The Centre, which will be located at Saƒ¯d Business School in Oxford, will address major business issues through collaborative research between academics in Oxford, India and elsewhere. Alongside research and teaching at Oxford, the centre will develop a range of custom and open executive education programmes which will be delivered in India through a new facility in Lavasa, near Pune.
The facility is part of a new hill station being developed by the Lavasa Corporation Ltd, part of the Hindustan Construction Company.
A scooping study with companies located in India and elsewhere is underway to begin development of these education programmes, which will first be delivered in early 2010.
OUIBC has been generously supported by Ajit Gulabchand, Chairman of Lavasa Corporation. As part of his support of the Centre, Gulabchand is to endow a new chair - The Ajit Gulabchand Professor of Indian Business Studies at the University of Oxford.
The new Professor will be based at the Saƒ¯d Business School in Oxford, and it is envisaged that the appointment will be made for the next academic year.
In announcing this initiative, Dr John Hood, said: "The primary objective of this research centre is to learn from India's business success. A clear understanding of the issues faced by India and their innovative solutions, as India transitions from poverty to prosperity, will form a guide to future generations of countries attempting similar transitions."
The University of Oxford has had a long and rich relationship with India - the first India students came to Oxford in 1871. Just 12 years later, the University founded the Indian Institute at Oxford, with the support of Indian government and business leaders.
In more recent times, the University of Oxford has made strengthening its relationship with India one of its key priorities. Through new posts, scholarship programmes, academic and cultural exchanges, the University is committed to expanding and invigorating the connections with India that have enriched the University's intellectual heritage for more than 400 years.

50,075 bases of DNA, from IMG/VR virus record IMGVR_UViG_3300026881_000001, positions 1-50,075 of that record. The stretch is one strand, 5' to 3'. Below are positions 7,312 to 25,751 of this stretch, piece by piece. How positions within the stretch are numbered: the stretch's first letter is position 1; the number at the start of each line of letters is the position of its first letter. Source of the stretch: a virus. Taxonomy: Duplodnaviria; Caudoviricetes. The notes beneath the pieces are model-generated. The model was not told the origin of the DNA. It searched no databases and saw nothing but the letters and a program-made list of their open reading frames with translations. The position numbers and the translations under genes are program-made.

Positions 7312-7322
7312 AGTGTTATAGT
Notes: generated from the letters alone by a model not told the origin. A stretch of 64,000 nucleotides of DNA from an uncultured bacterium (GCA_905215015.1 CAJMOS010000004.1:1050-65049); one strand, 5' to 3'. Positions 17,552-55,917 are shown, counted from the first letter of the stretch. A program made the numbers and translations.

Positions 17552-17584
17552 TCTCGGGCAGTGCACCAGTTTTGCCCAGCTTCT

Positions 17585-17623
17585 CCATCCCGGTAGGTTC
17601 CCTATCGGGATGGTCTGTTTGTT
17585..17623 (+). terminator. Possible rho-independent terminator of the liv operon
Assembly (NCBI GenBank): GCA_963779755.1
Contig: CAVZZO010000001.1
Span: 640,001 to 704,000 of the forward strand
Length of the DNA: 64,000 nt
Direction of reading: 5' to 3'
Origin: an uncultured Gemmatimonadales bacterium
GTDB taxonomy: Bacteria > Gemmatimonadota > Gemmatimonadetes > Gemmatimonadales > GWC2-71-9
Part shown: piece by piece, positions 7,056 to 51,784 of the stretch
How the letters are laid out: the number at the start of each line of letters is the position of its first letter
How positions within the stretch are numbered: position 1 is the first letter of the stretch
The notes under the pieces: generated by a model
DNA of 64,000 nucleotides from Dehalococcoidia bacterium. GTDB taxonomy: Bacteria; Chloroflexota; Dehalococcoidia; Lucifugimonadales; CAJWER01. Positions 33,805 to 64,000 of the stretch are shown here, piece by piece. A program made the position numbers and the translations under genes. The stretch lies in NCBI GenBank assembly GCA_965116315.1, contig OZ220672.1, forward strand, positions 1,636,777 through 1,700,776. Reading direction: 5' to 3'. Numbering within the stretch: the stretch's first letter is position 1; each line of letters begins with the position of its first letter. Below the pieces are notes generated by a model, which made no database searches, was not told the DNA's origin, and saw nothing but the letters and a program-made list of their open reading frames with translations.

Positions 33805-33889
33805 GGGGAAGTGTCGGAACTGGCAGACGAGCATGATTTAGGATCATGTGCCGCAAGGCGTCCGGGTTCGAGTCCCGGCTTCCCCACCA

The new Oxford University India Business Centre is the latest part of this developing relationship and will engage directly many of our academics from throughout the University in cross-disciplinary research.'
Speaking on the occasion, Ajit Gulabchand of Lavasa Corporation, said, "It is a matter of great pride for Lavasa to have partnered with the most respected educational institution in the world. This will open new paradigms of educational and managerial excellence for students in both countries."
"Our collaboration with the University of Oxford is in line with Lavasa's vision to provide an appropriate atmosphere for enabling high quality research. Lavasa will adequately support the infrastructural needs of the new executive education activities. The new Centre is in line with Lavasa's concept of Live, Work, Learn and Play", Gulachand added.
Professor Colin Mayer, Dean of the Sa?d Business School said: "We are enormously grateful to Lavasa Corporation, in making the establishment of this important Centre possible."
The purpose of the Centre is to address major business policy questions in India through collaborative research between academics in Oxford, in India, and from around the world, and to engage practitioners and policymakers actively in formulating a research agenda that will be relevant and significant.
Besides the generation of research-based projects, the Centre will be concerned with teaching and will provide doctoral programmes for students and scholarships for our degree programmes in Oxford.
"We will also develop a range of executive education programmes for practitioners to be delivered in India. We will welcome the involvement of both practitioners and visiting academics with the work of the Centre, as well as the contributions of colleagues from throughout the University of Oxford, who have an interest in these issues," Mayer said.
Ajit Gulabchand and Dr John Hood will sign the official Memorandum of Agreement at The World Economic Forum at Davos on January 25.